Unvle Tommy’s records, by Paul A. Lavrakas

CHARACTERS

ADULT GEORGE

YOUNG GEORGE (age 11)

AL, his father  (age 42)

MARIE, his mother  (age 39)

UNCLE TOMMY, Marie’s younger brother  (age 29)

[ADULT GEORGE narrates from the present.  The other characters exist 50 years ago.  They live in an American suburb.)

 

ADULT GEORGE

My Uncle Tommy just showed up one day.  No warning.  That’s what he was like.

UNCLE TOMMY

(TO YOUNG GEORGE)  Hey, Georgie!  What you doing living in a place like this?

ADULT GEORGE

I was eleven.  What could I say?

YOUNG GEORGE

It’s my home.

UNCLE TOMMY

(laughs heartily)  [AL enters]  Hi Al, all my records are in the car.  I want to keep them here.  You know what they mean to me.

AL

Hi, Tommy.  [MARIE enters]  Your brother’s here to honor us with his presence.

MARIE

Are you okay, Tommy?  Are you still in the Army?  You didn’t….

UNCLE TOMMY

I’m fine.  I brought my records.  I need to leave them something safe.  .

[A long silence.  The ADULTS study each other, motionless.]

ADULT GEORGE

What could my father do?

[TOMMY and AL spring into action and using a wheelbarrow move TOMMY’s large collection of old fashioned vinyl discs into the house.  ]

MARIE

[To YOUNG GEORGE]  I wish you’d known him when he was young.  He was….

[MARIE exits.  UNCLE TOMMY enters carrying single disc.]

TOMMY

[To YOUNG GEORGE]  This place ain’t so bad.  You got red squirrels in the back.  That’s good [YOUNG GEORGE is silent.]  Georgie, please, don’t touch the records, they break easy, they scratch.  But you got to listen to one.  This one song.  “Body and Soul” and this guy here, Coleman Hawkins, he plays it, , like God was humming in his ear.

[Coleman Hawkin’s 1938 recording of “Body and Soul” is heard.]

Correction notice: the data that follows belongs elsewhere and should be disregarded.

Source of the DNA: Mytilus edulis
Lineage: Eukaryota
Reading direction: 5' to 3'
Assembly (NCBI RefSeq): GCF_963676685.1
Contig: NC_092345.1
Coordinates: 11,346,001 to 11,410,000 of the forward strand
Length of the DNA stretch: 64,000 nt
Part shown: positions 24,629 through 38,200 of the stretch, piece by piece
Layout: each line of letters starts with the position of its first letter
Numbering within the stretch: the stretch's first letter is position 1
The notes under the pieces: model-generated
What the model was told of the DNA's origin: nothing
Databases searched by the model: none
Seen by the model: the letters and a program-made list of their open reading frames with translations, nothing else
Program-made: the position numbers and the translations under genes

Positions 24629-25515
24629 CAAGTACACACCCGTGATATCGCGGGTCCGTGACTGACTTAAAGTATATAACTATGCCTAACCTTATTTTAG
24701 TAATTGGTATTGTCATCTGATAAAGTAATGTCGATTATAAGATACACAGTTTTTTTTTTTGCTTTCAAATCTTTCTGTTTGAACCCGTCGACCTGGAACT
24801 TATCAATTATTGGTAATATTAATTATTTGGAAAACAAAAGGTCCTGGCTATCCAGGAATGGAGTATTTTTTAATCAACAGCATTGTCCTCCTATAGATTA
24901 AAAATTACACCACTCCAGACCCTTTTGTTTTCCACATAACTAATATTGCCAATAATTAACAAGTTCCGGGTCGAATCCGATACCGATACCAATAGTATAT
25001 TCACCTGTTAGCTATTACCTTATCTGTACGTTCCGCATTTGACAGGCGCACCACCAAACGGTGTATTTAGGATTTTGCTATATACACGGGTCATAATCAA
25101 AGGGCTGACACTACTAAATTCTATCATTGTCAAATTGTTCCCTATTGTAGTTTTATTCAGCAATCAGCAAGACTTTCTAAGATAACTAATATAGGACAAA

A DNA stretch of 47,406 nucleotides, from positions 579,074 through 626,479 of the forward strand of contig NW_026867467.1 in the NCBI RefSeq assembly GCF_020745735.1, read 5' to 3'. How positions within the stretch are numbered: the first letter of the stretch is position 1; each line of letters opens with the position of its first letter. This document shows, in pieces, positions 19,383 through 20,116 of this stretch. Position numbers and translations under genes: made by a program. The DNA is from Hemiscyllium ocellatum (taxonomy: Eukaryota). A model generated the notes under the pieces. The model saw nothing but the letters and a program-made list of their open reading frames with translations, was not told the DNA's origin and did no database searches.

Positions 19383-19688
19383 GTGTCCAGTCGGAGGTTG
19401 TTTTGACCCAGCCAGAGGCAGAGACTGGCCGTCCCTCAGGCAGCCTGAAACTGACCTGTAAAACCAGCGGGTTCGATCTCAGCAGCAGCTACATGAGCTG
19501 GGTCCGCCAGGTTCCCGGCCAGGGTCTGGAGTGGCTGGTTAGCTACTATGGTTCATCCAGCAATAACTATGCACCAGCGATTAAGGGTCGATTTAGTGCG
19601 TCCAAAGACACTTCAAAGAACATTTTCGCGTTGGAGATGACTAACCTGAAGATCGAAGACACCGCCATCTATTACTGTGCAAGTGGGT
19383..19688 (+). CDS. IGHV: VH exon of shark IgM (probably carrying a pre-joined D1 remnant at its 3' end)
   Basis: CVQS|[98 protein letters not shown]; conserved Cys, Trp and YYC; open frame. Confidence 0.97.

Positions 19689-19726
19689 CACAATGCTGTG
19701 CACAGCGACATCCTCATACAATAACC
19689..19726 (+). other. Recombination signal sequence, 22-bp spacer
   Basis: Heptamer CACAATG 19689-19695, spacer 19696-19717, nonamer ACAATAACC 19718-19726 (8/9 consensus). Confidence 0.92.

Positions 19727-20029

ADULT GEORGE

On the record cover was a guy with a gold saxophone, what we called then a colored man, no harm intended.

UNCLE TOMMY

You listen to that song.  Then you’ll know what music is.  Gotta run.

[TOMMY exits.  YOUNG GEORGE presses the recording to his ear:  “Body and Soul” rises in volume.]

ADULT GEORGE

That music made no sense at first, but later it became it became part of my…body and soul.  I never saw Tommy again.

[Time passes.  The music stops.  MARIE enters.  Then AL.]

MARIE

Remember your Uncle Tommy?  He died.

ADULT GEORGE

[For his younger self]  I remember him.

AL

Walked into the street, got run over.  Live like he did, that’s what happens.

[The music returns.]

ADULT GEORGE

The records?  My dad threw them away.  Except for the Coleman Hawkins, I kept hidden.  I talked to Tommy maybe twenty minutes in my life and I hear “Body and Soul” running in my head every day.  He gave me something no one else did.  And this means…what?

THE END


I live in the state of Wisconsin and see red squirrels every day.  My best known play for young audiences is an adaptation of “Princess and the Pea.”

 

 

BIOGRAPHY:  Paul A. Lavrakas

 

I live in the state of Wisconsin and see red squirrels every day.  My best known play for young audiences is an adaptation of “Princess and the Pea.”